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Donaé Robbyn-Leigh Jones graduated with Cum laude and the Dean’s Merit Award with her Diploma in Public Administration, specialising in Supply Chain Management at DUT’s Virtual Autumn Graduation ceremony today, 28 May 2021. 

“To receive such prestigious awards has really been a shock to me, one which I have still not come to terms with as yet. I keep checking the DUT student portal to see if they perhaps made a mistake. Along with the shock, I am extremely proud of myself, I am also overwhelmed and humbled, that it is not only the Cum Laude but I am also the recipient of the esteemed Dean’s Merit award,” she said. 

She mentioned that she would like to convey her gratitude to her two lecturers who have impacted her studies in the most spectacular way, namely Mr V.J Hadebe, (who taught her Supply Chain Management 1,2 and 3) and Mrs V Kessa, (who taught her Public Finance Management 1 and 2), and who were both always willing to assist her with anything she did not understand even when she was being a pest. 

“It is lecturers like these two who inspire learners daily by simply caring. I am eternally grateful and wish blessings upon them always,” she said. 

 Although she made the sacrifices and put the effort into her studies, it would also not be possible for her to achieve this without the prayers of her family and her loved ones. 

“I was only able to achieve what I have because of the grace and favour that God has placed upon my life. So all the praise, honour and glory should be unto him. He has done great things for me,” she said.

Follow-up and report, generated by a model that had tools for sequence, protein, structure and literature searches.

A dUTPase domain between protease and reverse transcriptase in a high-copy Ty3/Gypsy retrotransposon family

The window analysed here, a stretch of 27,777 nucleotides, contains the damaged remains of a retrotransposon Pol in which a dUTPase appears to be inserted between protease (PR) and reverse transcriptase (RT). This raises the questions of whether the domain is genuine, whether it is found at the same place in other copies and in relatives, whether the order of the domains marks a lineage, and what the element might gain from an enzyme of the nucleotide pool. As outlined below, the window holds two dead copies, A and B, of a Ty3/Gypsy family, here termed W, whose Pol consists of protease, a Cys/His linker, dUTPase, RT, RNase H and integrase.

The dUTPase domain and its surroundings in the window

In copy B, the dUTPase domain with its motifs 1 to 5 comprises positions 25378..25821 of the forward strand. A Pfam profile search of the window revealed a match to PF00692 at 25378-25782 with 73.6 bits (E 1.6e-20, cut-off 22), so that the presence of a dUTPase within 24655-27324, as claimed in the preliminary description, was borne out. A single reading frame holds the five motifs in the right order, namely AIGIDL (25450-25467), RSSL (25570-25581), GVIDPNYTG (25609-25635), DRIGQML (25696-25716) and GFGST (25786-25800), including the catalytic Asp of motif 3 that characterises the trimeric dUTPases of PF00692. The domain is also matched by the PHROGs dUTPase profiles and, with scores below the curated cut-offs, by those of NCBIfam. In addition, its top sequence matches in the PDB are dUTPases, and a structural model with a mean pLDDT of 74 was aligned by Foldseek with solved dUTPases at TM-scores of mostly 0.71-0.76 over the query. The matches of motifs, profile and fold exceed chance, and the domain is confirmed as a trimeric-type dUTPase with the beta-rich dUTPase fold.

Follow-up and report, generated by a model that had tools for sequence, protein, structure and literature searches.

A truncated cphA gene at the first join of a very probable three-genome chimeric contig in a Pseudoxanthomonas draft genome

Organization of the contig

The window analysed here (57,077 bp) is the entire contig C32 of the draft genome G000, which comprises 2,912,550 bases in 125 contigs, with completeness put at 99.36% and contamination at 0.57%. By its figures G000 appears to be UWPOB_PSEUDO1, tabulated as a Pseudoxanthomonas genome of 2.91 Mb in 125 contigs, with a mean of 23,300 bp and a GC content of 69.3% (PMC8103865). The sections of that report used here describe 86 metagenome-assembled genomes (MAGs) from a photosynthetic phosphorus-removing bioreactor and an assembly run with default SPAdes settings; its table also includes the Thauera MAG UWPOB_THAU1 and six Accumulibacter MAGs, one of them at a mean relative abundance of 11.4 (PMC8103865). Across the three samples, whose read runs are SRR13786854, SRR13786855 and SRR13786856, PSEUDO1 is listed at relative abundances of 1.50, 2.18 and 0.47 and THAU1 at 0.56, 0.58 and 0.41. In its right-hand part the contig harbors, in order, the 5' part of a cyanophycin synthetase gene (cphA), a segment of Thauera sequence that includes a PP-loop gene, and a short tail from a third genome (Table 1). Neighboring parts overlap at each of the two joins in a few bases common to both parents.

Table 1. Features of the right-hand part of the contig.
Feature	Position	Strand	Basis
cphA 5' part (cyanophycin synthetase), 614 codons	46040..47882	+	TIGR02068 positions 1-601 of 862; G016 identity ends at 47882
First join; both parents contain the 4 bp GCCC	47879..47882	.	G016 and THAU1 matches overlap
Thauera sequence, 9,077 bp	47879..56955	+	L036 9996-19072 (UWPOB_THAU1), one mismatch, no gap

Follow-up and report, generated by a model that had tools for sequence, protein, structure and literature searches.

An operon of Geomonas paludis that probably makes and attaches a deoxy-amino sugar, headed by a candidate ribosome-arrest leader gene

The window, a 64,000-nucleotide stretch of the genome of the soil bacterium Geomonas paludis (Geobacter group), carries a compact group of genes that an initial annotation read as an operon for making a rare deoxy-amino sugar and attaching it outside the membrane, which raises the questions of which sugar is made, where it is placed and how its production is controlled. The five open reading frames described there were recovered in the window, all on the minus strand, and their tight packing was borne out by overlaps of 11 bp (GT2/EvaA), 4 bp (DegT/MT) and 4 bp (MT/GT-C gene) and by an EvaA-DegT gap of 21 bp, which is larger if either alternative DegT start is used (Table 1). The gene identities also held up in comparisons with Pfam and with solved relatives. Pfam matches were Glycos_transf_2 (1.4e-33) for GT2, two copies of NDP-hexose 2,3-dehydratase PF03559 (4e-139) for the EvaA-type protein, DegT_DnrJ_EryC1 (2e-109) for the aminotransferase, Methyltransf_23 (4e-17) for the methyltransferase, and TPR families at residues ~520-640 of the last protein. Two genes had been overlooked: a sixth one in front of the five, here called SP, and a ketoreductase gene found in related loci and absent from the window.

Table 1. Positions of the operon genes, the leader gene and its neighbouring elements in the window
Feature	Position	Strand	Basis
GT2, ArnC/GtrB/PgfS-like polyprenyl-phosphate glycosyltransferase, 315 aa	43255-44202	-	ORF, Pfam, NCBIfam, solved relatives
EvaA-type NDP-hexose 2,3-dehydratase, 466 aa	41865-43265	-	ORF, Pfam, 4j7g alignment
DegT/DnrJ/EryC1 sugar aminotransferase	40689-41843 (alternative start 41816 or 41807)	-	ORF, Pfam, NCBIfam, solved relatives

Also, for Jones, her biggest motivating factor was the desire to make a better life for herself and get out of the area (Wentworth) in which she grew up in, which has high criminal activity and gang violence. 

Jones stressed that she is disappointed that she is not able to graduate with a traditional ceremony but is still extremely happy to be graduating regardless of the delays and obstacles that the pandemic has created for her. 

Jones explained that being a student had its ups and downs. The most difficult part of being a student for her was that most of her assignments were group work. She said that it was tough to work in groups because everyone comes from different backgrounds which means that not everyone has the drive to excel as much as she did. 

 “The most difficult challenge would be when we would have exams for different modules with no days in-between, which meant that you really had to manage your time properly and create a study timetable to get studying done in a way that you make time for all your modules,” she said. 

Jones indicated that she would like to enter the working world and then continue her studies and to eventually get to achieve a PHD in her field of study. 

“I do however wish to enter the working world and excel at every challenge that comes my way in the hopes that it guides me to find the ways that I would like to make a difference in and leave my mark as someone who shows up and does their best every single day,” she said. 

Jones advises first-year students to start working from day one and form good habits like taking notes during lectures because it’s always better to study things that one can understand instead of studying from a textbook and trying to memorise the work. 

“When you understand something you can remember it and you can explain it over and over again. Whereas if you memorise someone else’s work you are likely to forget it. I also advise students to keep every bit of work that you do throughout your years of studying because you need to have access to Laws and Acts which govern supply chain in the public sector so you can always conduct yourself with good ethics and morals,” said Jones

Pictured:  Donaé Robbyn-Leigh Jones 

Waheeda Peters 

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